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|Paynesville Press - August 15, 2001|
Vying to become Princess Kay of the Milky Way
Stephanie Hoeft's first memory of the state fair happened when she was two years old and saw a dairy princess getting her head sculpted in a 90-pound block of butter. |
Steph was named runner-up in the contest and had her head carved in butter at the State Fair. Press, 8.29.01
She told her mother that someday she would get to do that, to which her mother kindly acquiesced. As Stephanie explains, "You don't tell a two-year-old she can't do that."
It turns out, they both were right. Whether Stephanie fulfills her dream and becomes the next Princess Kay of the Milky Way or not, sometime during the 13-day run of the Minnesota State Fair she will have her profile carved in butter.
Stephanie, 19, was named a Stearns County Dairy Princess last March and was chosen as one of the 12 finalists to become Princess Kay in May. The recent Paynesville Area High School graduate is the daughter of Jerry and Melody Hoeft.
She will head down to St. Paul on Monday to start the competition, and one of her first tasks will be to get fitted in winter clothing so she'll be able to stand the cold in the icebox when her butter statue is carved.
Tuesday will be a crucial day in the competition, as the 12 contestants spend the entire day with the judges, who will be examining their speaking ability, enthusiasm, knowledge of the dairy industry, and general character. Contestants Ð who have already submitted written applications Ð will also give a short speech and will have a solo interview with the three-judge panel. Hoeft stressed that the competition is not a beauty pageant.
Steph Hoeft will compete next week to become the new Princess Kay of the Milky Way. The coronation is on Wednesday, Aug. 22, just in time for the new princess to reign over the 13 days of the state fair.
On Tuesday night, Aug. 21, the contestants will be the guests in the backyard during the weather segment on KARE 11. The dairy princesses already went to KARE studios this summer to film public service announcements that will start running next week and continue throughout the coming year.
On Wednesday, the dairy princesses will practice for the show and have a private banquet with their family, friends, and other county princesses. "It's an honor to be one of the 12 competing to be Princess Kay, knowing over 400 girls were dairy princesses and 87 competed to be Mary Kay," said Stephanie.
"One odd thing is Stearns County is the largest dairy county in the state, but it's never had a Princess Kay of the Milky Way," she added.
Whether she wins or loses, Stephanie says she won't be disappointed. Her motivation for wanting to become Princess Kay comes from a desire to support the dairy industry by promoting its products and teaching people about it.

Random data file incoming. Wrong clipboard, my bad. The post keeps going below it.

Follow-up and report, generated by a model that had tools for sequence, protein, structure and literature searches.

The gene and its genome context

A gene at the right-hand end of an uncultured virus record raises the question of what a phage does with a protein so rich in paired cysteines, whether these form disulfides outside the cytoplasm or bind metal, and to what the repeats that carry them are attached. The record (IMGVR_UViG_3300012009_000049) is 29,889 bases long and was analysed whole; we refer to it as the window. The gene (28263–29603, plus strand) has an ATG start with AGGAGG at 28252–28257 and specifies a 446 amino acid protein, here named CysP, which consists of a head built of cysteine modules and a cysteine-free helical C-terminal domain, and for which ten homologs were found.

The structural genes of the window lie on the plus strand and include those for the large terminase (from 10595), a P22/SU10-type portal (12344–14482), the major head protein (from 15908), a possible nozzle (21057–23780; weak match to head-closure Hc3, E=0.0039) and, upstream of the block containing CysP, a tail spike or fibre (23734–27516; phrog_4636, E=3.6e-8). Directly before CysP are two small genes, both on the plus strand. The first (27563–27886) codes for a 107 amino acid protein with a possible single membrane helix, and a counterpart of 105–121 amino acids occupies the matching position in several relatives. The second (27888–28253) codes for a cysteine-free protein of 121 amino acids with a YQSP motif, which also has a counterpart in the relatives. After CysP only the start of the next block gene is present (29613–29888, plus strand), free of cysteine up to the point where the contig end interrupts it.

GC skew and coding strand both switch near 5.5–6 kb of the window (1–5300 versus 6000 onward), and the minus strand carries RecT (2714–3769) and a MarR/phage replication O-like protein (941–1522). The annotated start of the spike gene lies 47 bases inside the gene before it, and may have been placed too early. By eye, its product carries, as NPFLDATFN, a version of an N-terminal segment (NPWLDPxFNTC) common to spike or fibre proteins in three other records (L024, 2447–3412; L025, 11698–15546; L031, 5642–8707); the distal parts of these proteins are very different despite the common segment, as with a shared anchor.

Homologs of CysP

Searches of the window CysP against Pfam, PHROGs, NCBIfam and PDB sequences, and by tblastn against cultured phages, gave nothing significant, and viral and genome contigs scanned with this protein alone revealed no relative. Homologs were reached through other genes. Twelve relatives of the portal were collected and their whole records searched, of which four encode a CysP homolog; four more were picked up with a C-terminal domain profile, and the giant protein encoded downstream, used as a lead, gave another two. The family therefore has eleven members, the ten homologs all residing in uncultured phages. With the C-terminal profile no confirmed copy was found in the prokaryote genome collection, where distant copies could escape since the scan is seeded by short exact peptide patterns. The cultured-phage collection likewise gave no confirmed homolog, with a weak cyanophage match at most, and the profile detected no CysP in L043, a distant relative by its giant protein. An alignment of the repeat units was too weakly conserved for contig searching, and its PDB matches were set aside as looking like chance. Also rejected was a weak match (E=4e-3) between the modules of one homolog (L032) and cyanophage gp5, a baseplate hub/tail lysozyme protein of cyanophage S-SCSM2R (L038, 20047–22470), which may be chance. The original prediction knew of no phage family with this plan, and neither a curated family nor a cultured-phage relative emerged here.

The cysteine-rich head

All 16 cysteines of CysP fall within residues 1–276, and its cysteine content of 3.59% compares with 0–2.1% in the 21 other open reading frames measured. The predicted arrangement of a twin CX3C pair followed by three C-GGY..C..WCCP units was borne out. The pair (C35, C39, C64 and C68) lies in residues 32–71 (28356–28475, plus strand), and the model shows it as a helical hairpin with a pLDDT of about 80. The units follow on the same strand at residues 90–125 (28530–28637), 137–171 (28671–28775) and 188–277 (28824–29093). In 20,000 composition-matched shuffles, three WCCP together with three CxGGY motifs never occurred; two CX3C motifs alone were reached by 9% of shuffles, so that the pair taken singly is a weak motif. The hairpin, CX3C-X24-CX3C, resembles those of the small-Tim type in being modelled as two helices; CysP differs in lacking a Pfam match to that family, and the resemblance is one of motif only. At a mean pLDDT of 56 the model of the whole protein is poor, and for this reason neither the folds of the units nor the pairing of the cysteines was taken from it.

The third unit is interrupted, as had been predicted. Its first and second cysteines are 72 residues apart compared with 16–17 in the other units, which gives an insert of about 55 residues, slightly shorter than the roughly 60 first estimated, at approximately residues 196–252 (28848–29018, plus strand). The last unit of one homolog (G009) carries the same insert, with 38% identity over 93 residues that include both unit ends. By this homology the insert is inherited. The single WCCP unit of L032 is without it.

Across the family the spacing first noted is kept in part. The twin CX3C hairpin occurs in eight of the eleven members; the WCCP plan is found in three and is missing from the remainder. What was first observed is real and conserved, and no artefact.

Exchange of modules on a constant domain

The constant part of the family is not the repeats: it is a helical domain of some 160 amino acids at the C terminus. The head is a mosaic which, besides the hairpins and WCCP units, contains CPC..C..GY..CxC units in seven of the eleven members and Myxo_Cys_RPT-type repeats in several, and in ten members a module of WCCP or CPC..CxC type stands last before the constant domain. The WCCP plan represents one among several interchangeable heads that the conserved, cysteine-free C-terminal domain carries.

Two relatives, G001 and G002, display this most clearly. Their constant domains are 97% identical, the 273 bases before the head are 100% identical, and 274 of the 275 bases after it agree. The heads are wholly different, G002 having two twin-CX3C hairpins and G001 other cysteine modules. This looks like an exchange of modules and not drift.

She already has had the opportunity to promote the industry through media interviews, parades, and school visits. Nothing beats seeing a young student make a connection between the milk he likes to drink and the cows he sees in the fields, she says.
Princess Kay of the Milky Way is required to preside over the state fair (participating in the daily parade, handing out ribbons, and being around the dairy building) for 13 days. Plus, the Midwest Dairy Association - which sponsors the program - arranges three or four promotional appearances a month for Princess Kay throughout the year.
Stephanie, who will start attending Bemidji State University only days after the state fair ends, would love the opportunity to promote dairy across the state. Win or lose, she will be able to promote dairy within the county as a Stearns County Dairy Princess.
Dairy princesses must be 18 to 24 years old and must live (or been raised) on a dairy farm.
The Hoeft family lives between Lake Henry and Regal and farms over 300 acres. They milk 52 cows per day and have 20 relief heifers. Stephanie said she'll miss the smell of freshly cut alfalfa the most when she heads off to college.
The last young woman from the Paynesville area to be among the 12 finalists for Princess Kay of the Milky Way was April Herem in 1993.
A spectator bus will leave Mayers Bus Shed in Melrose at 5 p.m., stop at St. Louis Catholic Church at 5:30 p.m., and at the Blue Heron in Cold Spring at 5:45 p.m. The bus costs $4 and includes pizza and, of course, milk. It should get home before midnight.
Call Keith and Pat Schaefer at 320-267-3857 or Gary and Corrine Lieser at 320-243-4324 for reservations.
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